Richelle Briasco answered:
You will need to move out when the Sheriff puts a notice on your door to vacate the property. Why is the house in foreclosure? You can do a short sale and it would be more advantageous to your credit. It is more advantageous in 2009 and 2010 because Obama passed legislation to help people losing their homes. I would be happy to explain all the details. I can help you, just give me a call.
Richelle Briasco
RE/MAX Estates
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0 votes 8 answers Share Flag
Tue Aug 18, 2009
Bonnie Sterling answered:
The only thing I would add is that if you dont have your 3-6 month safety net savings, I would probably put the "ponts" into a savings for your safety net. I am often surprised how little people have saved for a rainy day. I'm a Realtor, not a financial planner, but I really think, especially in these times, that the safety net savings should not be neglected, especially by homeowners. Good luck! ... more
0 votes 6 answers Share Flag
Sun Jun 14, 2009
Joyce Zangmeister answered:
Tue May 13, 2008
Ted Mackel answered:
Sabine certain REOs are selling with multiple offers right now and this will continue and not let off. The REOs I am seeing go out fast are priced aggressively and tend to have good upgrades and look to be in decent condition. If you want to find an REO that does not have multiples offers then you are looking at a serious fixer and it will be locationally challenged and the neighborhood may have some issues.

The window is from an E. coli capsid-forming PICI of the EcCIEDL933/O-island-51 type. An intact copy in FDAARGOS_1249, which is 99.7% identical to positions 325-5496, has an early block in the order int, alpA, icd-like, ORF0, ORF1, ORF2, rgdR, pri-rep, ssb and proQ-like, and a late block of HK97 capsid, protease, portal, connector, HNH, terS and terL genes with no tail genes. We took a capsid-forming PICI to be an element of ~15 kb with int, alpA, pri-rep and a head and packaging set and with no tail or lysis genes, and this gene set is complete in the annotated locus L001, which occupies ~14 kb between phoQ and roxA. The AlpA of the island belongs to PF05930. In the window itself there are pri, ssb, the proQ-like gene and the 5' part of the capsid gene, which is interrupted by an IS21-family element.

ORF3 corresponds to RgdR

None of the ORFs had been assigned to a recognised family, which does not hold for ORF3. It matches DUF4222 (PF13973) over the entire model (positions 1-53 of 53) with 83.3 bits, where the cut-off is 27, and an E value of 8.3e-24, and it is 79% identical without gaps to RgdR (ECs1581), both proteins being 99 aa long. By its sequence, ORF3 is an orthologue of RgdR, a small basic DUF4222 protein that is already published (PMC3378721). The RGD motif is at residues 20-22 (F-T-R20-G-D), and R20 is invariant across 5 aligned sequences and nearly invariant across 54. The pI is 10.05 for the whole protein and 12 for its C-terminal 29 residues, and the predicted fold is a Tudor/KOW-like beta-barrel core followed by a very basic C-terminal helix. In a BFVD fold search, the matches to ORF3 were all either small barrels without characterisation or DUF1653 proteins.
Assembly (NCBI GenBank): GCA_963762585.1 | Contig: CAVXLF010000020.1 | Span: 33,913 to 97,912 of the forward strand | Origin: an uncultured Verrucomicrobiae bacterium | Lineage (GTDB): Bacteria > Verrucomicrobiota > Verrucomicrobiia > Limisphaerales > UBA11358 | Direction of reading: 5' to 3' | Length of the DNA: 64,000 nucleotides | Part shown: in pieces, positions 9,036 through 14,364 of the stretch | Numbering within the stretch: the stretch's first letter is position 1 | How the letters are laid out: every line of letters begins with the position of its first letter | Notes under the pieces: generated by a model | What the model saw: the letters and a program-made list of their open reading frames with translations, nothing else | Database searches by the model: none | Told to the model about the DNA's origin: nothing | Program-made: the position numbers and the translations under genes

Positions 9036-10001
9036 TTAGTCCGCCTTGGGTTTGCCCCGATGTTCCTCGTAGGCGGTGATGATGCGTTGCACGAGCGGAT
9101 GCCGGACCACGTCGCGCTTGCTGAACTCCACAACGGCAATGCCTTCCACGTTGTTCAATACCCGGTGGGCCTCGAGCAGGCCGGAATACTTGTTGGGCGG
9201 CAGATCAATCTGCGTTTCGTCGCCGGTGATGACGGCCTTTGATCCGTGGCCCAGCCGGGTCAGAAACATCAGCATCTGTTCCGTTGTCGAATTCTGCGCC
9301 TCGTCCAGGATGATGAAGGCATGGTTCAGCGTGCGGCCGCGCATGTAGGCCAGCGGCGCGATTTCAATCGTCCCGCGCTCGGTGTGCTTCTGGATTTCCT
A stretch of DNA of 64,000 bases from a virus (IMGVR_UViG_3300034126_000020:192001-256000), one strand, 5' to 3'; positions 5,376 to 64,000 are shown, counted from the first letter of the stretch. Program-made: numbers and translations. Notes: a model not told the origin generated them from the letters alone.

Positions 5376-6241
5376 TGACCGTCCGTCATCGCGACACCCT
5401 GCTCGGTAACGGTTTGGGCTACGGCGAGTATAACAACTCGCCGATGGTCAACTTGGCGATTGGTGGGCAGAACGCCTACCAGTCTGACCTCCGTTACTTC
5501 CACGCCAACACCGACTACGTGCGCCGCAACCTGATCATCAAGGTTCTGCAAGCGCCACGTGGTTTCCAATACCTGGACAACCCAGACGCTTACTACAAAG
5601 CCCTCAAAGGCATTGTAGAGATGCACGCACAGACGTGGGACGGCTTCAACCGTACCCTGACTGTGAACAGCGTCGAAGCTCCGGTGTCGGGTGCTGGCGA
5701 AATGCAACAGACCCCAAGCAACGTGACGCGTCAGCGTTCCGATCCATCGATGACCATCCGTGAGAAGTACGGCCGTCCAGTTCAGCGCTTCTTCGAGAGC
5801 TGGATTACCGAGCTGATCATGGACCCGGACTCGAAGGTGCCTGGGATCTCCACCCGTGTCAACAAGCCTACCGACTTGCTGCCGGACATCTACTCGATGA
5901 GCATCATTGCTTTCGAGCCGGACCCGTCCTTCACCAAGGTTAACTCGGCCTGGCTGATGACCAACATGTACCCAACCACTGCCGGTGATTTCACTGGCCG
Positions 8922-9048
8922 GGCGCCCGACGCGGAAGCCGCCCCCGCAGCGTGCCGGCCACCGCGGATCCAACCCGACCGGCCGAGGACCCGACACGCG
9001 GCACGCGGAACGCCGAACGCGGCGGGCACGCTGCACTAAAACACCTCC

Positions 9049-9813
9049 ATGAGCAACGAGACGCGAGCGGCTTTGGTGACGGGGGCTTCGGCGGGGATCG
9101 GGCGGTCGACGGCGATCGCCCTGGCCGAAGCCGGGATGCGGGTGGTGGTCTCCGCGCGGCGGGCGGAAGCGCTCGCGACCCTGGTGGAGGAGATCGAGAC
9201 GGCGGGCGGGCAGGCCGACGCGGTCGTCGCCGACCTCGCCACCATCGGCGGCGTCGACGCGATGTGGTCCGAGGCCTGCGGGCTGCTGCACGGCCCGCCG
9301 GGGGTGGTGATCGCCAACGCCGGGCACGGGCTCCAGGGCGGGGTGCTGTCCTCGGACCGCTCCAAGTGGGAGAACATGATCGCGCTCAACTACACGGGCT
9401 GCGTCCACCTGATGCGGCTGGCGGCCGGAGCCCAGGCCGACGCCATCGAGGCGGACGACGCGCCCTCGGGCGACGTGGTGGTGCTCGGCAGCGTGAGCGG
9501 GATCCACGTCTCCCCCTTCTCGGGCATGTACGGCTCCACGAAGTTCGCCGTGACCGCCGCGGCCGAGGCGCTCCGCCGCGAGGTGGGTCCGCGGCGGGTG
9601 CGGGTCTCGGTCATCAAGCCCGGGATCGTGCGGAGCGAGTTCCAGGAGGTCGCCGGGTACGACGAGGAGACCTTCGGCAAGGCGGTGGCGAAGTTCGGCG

Example I have buyers in escrow now this current escrow and the two other REOs we wrote on, all had 5-6 competing offers. Good property is not sitting on the market.
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0 votes 5 answers Share Flag
Sat May 3, 2008
Ted Mackel answered:
Hello Connie,

Unless the remote possiblity that county transferred the plans to the city.................

There is enough software over the counter that you could measure and draw the rough plan yourself. What are you planing to do? The last house I lived in I was planing a major remodel before truning it into a rental and I bought drafting software for like $75. I measured and drew the house then drew the second floor. I have a background in construction so this was a little more natural for me, but it really gave me an idea of what I could do.

The house I am in now I measured out the entire outside of the house in relation to the property lines and drew the plot plan on Adobe Illustrator, I set the grid to calculate scale. I am doing a major landscape project and was able to figure the new hardscape and sprinkler system much easier this way. You can check out the project on my youtube channel (tedmackel). My 14 year onld son and I tore out the front yard last weekend with a Bobcat.

If you are working on a project to upgrade your home or yards, drop me an emial and I can show you how I am saving a ton of cash on my upgrades. Upgrades to my last two houses and this one were all done by myself and my wife. I've installed windows repaired the stucco, , electrical, plumbing, done rough and finish carpentry, woodfloors, brick work......the list can get pretty long. I just put 4 yards of fresh base in the the walkways for the front yard for the interlock pavers I will install myself.

If you need a copy of the plat map in a PDF file I can email it to you.

Have a great rest of the weekend.